First of all, the bottom layers. For undies I wore Under Armour Heatgear longsleeve tee, and Boxerjock series O. I also like the series T for hiking and skating, but haven’t tried running in them yet. For socks, I wore my favorite Injinji Toe Sock Crew Liners under Smartwool PHD Compression socks. This is a tough layer to get on right without bunching, since the compression socks fit me quite tightly.

smartwool and injinji sock combo
sock combo detail - smartwool phd compression and injinji crew liner

Over that I wore a pair of Salomon Windstopper tights. For shoes today I’m wearing Hoka One One Mafate WP (goretex) to test for snow traction and warmth with the goretex layer. I considered a midweight baselayer or thin softshell but having run at 10 degrees before and sweated quite a bit in a softshell, I opted instead for a TNF Windstopper Hybrid full zip jacket. It’s a very thin vest-like layer of thinly laminated windstopper with thin fleece back, sleeve, and side panels for ventilation.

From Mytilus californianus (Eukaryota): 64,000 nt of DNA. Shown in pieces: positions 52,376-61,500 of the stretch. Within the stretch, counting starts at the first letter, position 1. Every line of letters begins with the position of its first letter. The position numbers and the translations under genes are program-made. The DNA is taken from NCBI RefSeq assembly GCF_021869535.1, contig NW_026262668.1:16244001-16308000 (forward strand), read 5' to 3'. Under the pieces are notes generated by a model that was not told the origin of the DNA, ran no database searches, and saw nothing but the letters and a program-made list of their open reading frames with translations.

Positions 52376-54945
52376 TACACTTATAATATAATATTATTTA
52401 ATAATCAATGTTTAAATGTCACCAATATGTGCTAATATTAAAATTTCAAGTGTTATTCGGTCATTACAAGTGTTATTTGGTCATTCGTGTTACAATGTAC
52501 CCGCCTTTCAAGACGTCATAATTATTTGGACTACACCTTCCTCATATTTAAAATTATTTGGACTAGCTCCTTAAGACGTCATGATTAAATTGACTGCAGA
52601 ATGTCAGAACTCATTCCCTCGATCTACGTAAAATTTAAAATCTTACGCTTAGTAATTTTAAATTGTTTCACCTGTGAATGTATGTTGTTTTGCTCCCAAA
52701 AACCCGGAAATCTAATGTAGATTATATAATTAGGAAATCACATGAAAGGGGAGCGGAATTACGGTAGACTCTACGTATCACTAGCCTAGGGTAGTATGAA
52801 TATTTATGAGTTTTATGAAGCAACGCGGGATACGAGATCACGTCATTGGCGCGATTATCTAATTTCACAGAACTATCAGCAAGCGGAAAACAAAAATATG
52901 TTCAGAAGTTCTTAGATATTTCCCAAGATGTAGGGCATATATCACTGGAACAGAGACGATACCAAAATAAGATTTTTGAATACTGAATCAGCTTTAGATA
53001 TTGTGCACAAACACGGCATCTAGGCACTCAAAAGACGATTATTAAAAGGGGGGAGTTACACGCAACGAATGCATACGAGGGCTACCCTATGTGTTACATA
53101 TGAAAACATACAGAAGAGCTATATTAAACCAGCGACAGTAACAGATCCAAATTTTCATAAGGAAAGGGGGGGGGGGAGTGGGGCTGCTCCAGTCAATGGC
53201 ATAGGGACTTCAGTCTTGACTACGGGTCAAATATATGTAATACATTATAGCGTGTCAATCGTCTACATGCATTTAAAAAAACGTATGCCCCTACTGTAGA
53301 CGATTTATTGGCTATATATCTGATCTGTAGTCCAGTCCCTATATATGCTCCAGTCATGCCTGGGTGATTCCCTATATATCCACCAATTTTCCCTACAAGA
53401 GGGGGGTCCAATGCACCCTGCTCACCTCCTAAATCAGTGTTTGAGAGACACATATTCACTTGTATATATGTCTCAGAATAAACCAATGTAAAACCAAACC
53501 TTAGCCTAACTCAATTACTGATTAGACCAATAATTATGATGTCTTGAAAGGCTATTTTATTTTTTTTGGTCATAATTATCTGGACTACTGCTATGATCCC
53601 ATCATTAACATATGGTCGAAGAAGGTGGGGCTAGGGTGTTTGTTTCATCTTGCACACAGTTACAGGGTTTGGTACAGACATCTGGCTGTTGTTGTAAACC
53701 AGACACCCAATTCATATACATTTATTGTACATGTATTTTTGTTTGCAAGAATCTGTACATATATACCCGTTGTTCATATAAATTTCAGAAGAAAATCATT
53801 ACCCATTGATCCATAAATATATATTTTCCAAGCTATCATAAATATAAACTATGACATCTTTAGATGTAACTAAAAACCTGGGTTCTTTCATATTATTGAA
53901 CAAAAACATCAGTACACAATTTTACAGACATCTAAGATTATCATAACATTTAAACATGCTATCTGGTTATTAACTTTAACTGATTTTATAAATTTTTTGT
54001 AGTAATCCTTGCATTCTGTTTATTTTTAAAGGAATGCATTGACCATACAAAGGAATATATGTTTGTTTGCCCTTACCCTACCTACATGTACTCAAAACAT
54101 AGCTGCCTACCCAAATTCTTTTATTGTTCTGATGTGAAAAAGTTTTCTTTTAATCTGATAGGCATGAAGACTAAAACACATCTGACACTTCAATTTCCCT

For a hat, I wore a TNF Flight Series Beanie that I think is now discontinued, very thin and breathable. Finally, for gloves I wore a pair of Eddie Bauer First Ascent Wind Pro Gloves. I had good experiences with this glove in Alaska, so felt it would work good enough.

running at Keystone Colorado
creek and hills along my left side Breckenridge is way back there behind that ridge